Future Generation pivots to prevention
The two Future Generation LICs, focusing on domestic equities (Future Generation Australia) and global equities (Future Generation Global) – were set up in 2014 and give one per cent of their more than $1 billion in assets to mental health charities a year. Over their lifetime they’ve generated around $53 million for charities focused on supporting at risk youth and youth mental health respectively.
Future Generation’s new CEO, Caroline Gurney, is six months in the role after leaving an 18-year stint as head of corporate affairs at UBS. She says that new “impact partners” are now being sought for Future Generation Global.
“We’ve always invested in mental health charities for Future Generation Global, and that’s been mainly around intervention – funding Black Dog, the Kids Help Line, the University of Sydney Brain and Mind Centre,” Gurney said.
“Now we’re moving to prevention, because we really believe that it doesn’t have that much government funding – one per cent of government funding goes to funding of mental health for young Australians – and if we can prevent future mental health issues, it’s going to take the burden and the strain from a number of people that need to be looked after and treated and cared for.”
Future Generation released expressions of interest for the new push in February. It received 170 applications back – “all amazing” – and will announce in July the next 10-15 charities that the foundation will be working for over the next three to five years. Future Generation has been “pretty consistent” in its work, with little change in the line-up of charities over the six years it’s been running.
“We really believe that you have to invest in your partners and give them funding for a number of a years because that allows them to do what they’re really good at: helping the people who need to be helped,” Gurney said. “You can imagine what it’s like fundraising all the time. The fact that we can take some of the stress out of that and help them with their core mission is a wonderful thing.”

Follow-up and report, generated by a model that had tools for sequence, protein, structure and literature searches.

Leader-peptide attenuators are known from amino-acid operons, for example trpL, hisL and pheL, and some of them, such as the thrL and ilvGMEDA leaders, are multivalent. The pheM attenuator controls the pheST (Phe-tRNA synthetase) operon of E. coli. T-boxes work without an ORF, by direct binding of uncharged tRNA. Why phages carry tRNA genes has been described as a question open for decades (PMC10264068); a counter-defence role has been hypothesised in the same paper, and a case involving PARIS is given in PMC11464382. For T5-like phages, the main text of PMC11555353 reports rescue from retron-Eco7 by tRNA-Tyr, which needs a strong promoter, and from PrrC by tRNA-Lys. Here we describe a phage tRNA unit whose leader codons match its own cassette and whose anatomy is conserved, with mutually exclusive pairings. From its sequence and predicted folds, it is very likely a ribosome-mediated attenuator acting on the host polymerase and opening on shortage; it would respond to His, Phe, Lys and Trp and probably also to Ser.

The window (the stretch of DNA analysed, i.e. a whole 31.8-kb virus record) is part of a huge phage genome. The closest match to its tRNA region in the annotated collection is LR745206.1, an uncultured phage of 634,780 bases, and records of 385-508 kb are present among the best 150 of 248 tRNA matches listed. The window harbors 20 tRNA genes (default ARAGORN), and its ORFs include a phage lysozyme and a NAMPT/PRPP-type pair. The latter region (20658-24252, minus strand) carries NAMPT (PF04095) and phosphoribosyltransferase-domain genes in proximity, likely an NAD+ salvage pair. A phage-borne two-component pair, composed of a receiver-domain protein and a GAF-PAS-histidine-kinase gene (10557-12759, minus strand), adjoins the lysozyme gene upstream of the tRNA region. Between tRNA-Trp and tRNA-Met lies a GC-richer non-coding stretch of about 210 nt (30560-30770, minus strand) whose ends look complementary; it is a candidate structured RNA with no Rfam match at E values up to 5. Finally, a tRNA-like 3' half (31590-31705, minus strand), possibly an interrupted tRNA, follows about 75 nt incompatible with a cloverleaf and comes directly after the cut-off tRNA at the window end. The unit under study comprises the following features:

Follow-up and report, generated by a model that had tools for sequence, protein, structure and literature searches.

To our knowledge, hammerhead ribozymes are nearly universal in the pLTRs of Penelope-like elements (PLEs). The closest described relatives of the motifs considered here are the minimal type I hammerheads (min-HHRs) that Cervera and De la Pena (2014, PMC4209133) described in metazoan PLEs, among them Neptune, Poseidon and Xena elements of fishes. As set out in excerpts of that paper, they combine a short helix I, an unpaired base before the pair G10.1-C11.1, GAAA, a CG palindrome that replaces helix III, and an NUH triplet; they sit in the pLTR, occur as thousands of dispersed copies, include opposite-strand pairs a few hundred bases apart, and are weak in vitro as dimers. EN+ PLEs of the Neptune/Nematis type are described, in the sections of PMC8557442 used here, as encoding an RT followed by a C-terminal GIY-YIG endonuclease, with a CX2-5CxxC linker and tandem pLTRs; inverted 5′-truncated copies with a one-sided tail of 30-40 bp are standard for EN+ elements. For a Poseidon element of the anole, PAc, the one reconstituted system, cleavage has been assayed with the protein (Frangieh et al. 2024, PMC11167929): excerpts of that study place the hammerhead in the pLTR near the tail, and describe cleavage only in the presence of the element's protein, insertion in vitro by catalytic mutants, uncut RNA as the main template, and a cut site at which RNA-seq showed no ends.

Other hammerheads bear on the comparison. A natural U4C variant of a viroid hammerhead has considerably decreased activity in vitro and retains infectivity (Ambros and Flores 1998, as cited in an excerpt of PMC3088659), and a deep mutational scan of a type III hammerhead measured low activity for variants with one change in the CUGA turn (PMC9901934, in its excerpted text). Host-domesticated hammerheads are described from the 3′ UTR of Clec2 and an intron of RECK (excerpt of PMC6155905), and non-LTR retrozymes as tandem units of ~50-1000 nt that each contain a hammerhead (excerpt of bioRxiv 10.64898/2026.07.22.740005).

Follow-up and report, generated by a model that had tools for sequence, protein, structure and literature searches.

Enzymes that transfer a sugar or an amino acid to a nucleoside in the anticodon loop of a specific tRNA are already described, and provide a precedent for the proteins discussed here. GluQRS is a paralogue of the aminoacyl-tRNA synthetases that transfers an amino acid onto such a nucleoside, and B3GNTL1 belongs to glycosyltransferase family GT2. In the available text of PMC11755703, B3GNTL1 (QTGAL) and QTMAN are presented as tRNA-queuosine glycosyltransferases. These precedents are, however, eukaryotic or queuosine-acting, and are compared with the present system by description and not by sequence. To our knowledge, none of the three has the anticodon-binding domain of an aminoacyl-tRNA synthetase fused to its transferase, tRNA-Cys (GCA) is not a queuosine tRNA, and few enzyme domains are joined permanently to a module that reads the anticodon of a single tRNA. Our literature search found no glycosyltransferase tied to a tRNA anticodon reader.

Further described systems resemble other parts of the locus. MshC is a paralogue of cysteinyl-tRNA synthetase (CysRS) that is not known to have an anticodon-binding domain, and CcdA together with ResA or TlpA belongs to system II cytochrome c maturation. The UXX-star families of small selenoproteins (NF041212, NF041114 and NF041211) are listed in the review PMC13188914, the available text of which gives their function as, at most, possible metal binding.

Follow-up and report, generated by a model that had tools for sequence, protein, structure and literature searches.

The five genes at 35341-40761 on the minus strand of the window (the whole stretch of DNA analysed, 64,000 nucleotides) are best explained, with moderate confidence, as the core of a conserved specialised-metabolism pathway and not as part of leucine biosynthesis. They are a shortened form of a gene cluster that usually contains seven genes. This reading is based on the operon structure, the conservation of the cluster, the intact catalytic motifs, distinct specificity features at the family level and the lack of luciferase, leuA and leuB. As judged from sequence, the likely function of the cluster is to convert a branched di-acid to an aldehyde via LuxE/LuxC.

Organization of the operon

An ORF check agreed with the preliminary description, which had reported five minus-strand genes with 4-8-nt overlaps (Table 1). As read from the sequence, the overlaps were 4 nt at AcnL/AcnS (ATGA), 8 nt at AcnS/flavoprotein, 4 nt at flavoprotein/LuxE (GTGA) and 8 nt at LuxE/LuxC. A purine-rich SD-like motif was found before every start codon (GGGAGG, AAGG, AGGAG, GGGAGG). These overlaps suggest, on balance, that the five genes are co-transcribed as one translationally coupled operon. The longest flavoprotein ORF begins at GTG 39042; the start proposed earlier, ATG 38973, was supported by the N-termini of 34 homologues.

The LICs are essentially funds of funds, investing in the offerings of a bevy of domestic and international managers, including Regal, Paradice, and Magellan. The managers work pro bono, and have foregone total fees of around $97.5 million since inception.
All of the charities supported are Australian, though Gurney says that Future Generation might support offshore charities in the future. She was previously a non-executive director of Future Generation, and spearheaded a number of charitable efforts in her time at UBS, including helping set up the UBS Australia Foundation as well as investing in Story Factory.
While its shareholder base is mostly in the 55+ plus range, Gurney hopes that Future Generation’s charitable tilt will make it more attractive for a younger generation of investors, who want to see their money put to work for social causes as well as earning returns.
“The next generation asks environmental questions all the time,” Gurney said. “They wouldn’t even think about not putting their rubbish in the right bin; they all want to buy the next electric car; they all want to do the right thing. And they talk about mental health continually, because it’s now something in schools, universities, and the workplace… I think what we’re investing in is their real belief.”